Must-know: An investor’s guide to BHP (Part 4 of 10)
BHP’s 4Q14 production results
BHP’s financial year (or FY) 2014 production volumes were good with 9% increase in group production. The company guidance for FY15 is also encouraging with 6% average volume growth year-over-year (or YoY). The key growth areas for the company are iron ore and copper. They have a volume guidance of 11% and 6%, respectively, for FY15. We’ll discuss product-wise performance in this part of the series.
Western Australia iron ore (or WAIO) achieved a 14th consecutive annual production record as volumes increased to 225 million tons (or Mt). Iron ore production was up 3.3% over the full-year guidance provided earlier by the company. Now, the company guides for 245 Mt by FY15—another 11% increase. The increase of the low-cost Jimblebar will be the key driver to achieve the volume growth to 270 Mt on a 100% basis.
Copper volumes increased to 1.7 Mt as a result of improvement in mill throughput and concentrator utilization. The company expects to produce 1.8 Mt in FY15.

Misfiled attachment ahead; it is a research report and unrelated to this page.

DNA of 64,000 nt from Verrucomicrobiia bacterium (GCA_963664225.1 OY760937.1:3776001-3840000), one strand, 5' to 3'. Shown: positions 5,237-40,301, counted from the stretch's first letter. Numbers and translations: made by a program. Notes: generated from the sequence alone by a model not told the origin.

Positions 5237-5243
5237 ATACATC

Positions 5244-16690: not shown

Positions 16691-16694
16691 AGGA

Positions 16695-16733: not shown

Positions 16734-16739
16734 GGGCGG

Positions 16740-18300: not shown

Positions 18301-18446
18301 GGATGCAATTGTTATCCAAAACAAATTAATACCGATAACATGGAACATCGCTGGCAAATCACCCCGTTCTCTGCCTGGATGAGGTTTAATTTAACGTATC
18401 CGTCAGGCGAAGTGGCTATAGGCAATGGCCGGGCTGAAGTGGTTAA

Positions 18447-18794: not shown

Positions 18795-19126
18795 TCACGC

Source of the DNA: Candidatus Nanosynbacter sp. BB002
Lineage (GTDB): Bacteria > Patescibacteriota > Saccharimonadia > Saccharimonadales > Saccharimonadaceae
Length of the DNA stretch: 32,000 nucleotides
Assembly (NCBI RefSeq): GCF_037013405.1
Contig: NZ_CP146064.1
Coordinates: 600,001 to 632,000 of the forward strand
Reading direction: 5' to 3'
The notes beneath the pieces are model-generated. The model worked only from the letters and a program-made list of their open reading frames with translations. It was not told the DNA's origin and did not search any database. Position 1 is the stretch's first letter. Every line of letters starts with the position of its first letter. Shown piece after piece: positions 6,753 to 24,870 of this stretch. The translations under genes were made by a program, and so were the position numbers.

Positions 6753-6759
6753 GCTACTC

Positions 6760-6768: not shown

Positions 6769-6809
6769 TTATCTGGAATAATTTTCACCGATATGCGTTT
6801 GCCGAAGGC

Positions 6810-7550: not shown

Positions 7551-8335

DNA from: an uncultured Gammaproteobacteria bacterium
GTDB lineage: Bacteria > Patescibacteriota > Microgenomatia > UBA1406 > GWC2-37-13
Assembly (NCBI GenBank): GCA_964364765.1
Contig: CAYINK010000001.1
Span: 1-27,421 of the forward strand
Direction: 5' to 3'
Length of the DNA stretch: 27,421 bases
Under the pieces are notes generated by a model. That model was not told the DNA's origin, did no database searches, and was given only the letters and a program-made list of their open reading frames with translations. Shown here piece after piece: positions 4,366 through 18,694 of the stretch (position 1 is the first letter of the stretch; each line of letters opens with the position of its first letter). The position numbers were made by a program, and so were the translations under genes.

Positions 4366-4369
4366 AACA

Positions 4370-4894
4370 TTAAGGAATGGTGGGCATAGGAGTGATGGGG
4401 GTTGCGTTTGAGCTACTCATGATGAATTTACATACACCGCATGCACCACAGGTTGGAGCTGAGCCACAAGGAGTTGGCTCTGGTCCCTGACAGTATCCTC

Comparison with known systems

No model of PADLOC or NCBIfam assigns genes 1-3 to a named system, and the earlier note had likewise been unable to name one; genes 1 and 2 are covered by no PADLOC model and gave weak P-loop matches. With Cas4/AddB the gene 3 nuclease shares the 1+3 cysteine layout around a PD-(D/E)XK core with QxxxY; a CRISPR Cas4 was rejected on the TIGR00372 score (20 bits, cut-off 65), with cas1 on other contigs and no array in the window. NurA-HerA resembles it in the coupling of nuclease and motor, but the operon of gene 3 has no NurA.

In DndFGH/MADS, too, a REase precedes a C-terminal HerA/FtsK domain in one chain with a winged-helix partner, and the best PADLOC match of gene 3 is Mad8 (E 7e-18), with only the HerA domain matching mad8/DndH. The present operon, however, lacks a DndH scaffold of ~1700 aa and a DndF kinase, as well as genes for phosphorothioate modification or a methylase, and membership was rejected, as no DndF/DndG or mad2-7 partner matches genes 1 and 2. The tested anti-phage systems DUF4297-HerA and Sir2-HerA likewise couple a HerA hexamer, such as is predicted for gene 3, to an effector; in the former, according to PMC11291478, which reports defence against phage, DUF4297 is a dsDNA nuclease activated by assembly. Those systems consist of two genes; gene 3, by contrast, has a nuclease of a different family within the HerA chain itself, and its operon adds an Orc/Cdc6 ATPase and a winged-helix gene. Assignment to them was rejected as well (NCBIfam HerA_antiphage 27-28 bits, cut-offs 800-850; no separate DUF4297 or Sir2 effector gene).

Petroleum production increased by 4% to 246 million barrels of oil equivalent (or MMboe) with an 18% increase in liquid volumes supported by significant growth at onshore U.S. and Atlantis. BHP expects production for this segment to increase by 5% in FY15. However, it expects the liquid production to increase to 40% of the total production, which is a higher margin.
Metallurgical coal production of 45 Mt exceeded the annual guidance. The production from Queensland Coal came in at record high levels. Total coal production came in at 119 Mt. It’s expected to increase slightly to 120 Mt in FY15.
BHP Billiton’s (BHP) major peers in iron include Rio Tinto (RIO), Vale SA (VALE) and Fortescue Metals Group (or FMG). They’re increasing their iron ore supplies significantly to drive out the higher-cost supplies from domestic Chinese players and elsewhere. This is the main reason major producers are increasing iron ore. BHP’s smaller peer Cliffs Natural Resources (CLF)—which is the major iron ore producer in North America—is relatively higher cost. As a result, it’s in no position to expand. Exchange-traded funds (or ETFs) are another good way to gain exposure to the metals and mining sector without picking individual companies—like the SPDR S&P Metals & Mining ETF (XME).
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